Paul: I don’t think price will make a difference. You give a great example and that’s the stock market. A share of Apple stock is a share of Apple stock, is a share of Apple stock. If I can go on and efficiently buy that, great. I’ve been burned by advice from financial advisors a thousand times. Also, you don’t live inside of that Apple stock. The $200,000 home, somebody wants to make sure that’s the right place for them. I’ll tell you where I think it does, where it can’t get a little bit more homogenous is when the housing stock is very, very, very similar.
When you’re in a neighborhood where there’s 1,000 homes and they’re all nearly identical, then, okay, hey, I’m going to go look at one of them and then it doesn’t matter which one I buy or it matters a lot less. That’s where the housing stock, the product is starting to get homogenous. That’s where it doesn’t matter as much.
Aaron: There are different neighborhoods that we’re actually selling some houses in right now and there’s four of the same floor plan on the market.
Paul: Yes, like that.
Aaron: That is probably something where somebody could save their time by just jumping through the virtual experience and going, “Hey, what’s the difference?” This one is $5,000 less. They look at the pictures, “I can always paint or whatever.” I think that where there’s a lot of stuff in the same neighborhood, same thing when we started flipping too. The safest way to do it was in a new home community where there were a ton of houses that were all around the same size because it’d be very easy to see what it’s going to be worth. Maybe that’s part of that where it happens. If you were going to give a new agent advice that’s worried like, “Hey, am I going to lose my job out there to technology or what’s that?” Do you have any ideas, the best way for them to come into that hybrid?
Paul: I don’t think they’ll lose their job to technology ever. I think it’s definitely smart to understand the technology. One of the things we do on Real Estate Rockstars is ask people, ask these top agents, “Hey, what’s the piece of technology that’s helping you the most?” If these different companies, all brand-neutral, different companies that are offering fabulous technology that you’ll see when people use it. If it’s solving a problem, they’re using it, otherwise, they’re not. My advice is, be abreast of the technology, make sure you know how to use it, it will save time, and be a great realtor. Understand your market, understand your market like the back of your hand. The best way to do it is you got to go out and see all the houses. It’s what I just consider a personal, it’s a personal business.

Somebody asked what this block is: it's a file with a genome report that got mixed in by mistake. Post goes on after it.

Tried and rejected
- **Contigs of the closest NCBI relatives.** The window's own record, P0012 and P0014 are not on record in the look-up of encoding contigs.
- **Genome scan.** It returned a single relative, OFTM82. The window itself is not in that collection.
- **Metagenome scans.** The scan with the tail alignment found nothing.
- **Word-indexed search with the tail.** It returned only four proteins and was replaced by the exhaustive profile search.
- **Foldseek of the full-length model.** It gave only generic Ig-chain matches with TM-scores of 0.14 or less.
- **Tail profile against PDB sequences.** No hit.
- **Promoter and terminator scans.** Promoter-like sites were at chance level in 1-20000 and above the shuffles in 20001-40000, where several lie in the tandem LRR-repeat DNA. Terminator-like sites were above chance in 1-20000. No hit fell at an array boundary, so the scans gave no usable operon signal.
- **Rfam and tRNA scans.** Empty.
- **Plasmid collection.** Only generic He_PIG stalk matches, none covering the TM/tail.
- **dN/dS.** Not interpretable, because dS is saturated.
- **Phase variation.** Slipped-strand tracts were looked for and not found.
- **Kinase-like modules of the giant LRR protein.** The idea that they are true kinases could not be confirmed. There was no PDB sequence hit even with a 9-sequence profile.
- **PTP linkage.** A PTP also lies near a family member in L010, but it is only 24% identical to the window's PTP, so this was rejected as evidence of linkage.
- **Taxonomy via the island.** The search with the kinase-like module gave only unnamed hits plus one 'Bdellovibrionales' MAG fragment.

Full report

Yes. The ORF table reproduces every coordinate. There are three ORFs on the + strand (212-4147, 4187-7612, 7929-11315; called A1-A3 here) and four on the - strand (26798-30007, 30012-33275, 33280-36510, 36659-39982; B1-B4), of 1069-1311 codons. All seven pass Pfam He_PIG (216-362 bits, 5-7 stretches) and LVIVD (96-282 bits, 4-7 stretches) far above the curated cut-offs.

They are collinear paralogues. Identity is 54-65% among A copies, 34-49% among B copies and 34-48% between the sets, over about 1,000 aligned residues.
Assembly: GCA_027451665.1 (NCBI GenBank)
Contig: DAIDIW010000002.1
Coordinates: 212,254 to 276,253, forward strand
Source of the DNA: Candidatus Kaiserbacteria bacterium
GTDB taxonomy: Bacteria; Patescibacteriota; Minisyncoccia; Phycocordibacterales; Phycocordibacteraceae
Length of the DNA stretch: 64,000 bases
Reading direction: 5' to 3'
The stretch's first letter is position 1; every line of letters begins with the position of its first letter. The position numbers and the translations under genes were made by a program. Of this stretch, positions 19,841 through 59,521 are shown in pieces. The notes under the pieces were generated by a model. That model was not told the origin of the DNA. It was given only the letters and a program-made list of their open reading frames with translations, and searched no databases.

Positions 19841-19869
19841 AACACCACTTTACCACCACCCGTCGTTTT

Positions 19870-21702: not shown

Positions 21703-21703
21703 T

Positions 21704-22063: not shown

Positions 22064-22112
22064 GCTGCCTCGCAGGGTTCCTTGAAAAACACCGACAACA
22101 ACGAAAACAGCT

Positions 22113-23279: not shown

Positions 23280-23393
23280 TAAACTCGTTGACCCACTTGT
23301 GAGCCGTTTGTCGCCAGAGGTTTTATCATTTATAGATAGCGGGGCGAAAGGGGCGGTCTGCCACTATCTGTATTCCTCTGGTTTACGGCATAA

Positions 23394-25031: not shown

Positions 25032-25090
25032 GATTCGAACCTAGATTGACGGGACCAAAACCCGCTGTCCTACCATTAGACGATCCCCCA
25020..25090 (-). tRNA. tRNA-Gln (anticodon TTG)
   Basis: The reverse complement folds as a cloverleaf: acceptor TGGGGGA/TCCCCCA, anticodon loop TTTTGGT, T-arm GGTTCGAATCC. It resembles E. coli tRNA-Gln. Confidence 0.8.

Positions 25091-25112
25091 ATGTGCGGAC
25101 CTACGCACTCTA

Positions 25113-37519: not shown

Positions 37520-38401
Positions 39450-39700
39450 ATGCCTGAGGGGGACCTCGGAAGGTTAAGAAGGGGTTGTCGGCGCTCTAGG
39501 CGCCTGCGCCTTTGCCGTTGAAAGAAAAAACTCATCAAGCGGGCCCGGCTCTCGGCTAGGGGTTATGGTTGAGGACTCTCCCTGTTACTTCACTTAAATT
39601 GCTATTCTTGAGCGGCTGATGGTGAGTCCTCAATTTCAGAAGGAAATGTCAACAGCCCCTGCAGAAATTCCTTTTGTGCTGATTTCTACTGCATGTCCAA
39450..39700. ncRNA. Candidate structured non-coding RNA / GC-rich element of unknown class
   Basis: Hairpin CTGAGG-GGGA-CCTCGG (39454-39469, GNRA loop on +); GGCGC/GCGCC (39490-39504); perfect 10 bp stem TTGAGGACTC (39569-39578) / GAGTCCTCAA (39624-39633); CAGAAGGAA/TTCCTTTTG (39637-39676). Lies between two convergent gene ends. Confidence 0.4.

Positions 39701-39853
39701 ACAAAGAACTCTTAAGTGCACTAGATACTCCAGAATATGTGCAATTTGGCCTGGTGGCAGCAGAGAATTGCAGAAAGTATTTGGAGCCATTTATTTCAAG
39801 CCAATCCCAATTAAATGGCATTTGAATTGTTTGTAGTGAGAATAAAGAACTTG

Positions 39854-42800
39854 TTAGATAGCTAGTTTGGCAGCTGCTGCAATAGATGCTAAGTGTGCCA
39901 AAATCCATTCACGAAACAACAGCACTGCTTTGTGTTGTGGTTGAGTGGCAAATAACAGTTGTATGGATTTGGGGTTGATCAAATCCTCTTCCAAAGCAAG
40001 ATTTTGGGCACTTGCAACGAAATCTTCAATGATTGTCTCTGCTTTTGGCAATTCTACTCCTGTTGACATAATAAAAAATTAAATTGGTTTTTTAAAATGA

Aaron: It really is a personal business. I talked again about, we went and looked at some houses last weekend and I texted a buddy of mine who’s our agent and I’m like, “You think you could show some houses tomorrow?” It’s like, “Yes, I can get you in three of those four houses tomorrow.” Because he loves us because it’s there, he’s going to end up getting that commission when we go do it because he’s the hustler. It’s personal, he’s going to take us through there. He knows my kids, it’s a fun experience when we do it and it’s easier to get them in there.
I think, and I’m a guy that buys a lot of houses using technology and I bid at auction, but when it comes to what I’m going to do for me, I’m going to go see the house myself. I’m going to have an agent represent me, even though most of the time I buy without an agent. I’m probably a good example that says the good realtors are going to stay needed. Last thing, interesting news, but I think it’s actually really, really important news I want us to talk about today, it’s an article about, it’s simply theft, Developer Box support surges for squatters living in his empty home since November?
I remember reading this back in November, this is a three-bedroom house in Oakland, California, but I actually think it’s happening in several places right now. There are vacant houses in different places. People buy houses, they list, we have a lot of houses active for rent right now, We’re waiting for a renter to come in and say, we want to rent there, get approved. For all sorts of reasons, people that invest in real estate, a lot of our listeners, our investors are becoming investors. You’ve got a house out there, that’s an investment. What happened out in the Bay Area, two homeless women have been illegally living in a vacant three-bedroom home in Oakland since November?
They decided to move into this house, it was cold outside. They said, “Hey, nobody’s living here, it’s a crisis, we’re just going to go ahead and move right in.” Obviously, that’s a big deal. Somebody said, “Hey, this vacant house is there, I want to move in.” It’s owned by an investment company called Wedgewood. Wedgewood buys houses, fixes them and sells them fixing around, a big, big company. I personally think that doesn’t give someone the right to just move in. The craziest part about the news is, there’s politicians that are actually backing them up.
It says as the collective group, several politicians have spoken out in support of the two. Now, I want to thank Moms 4 Housing for taking that house and for demonstrating that nowhere, nowhere should be there a bacon house in California. To me, this is crazy. I’m just supposed to be sharing the news, but there’s actually politicians out there and people say, no, there shouldn’t be a vacant house, people should be able to move into them whenever they want if there’s homeless people out there. What do you think of that? Did you read this? What comes to mind as a realtor, as a real estate agent, as an investor, and all that stuff?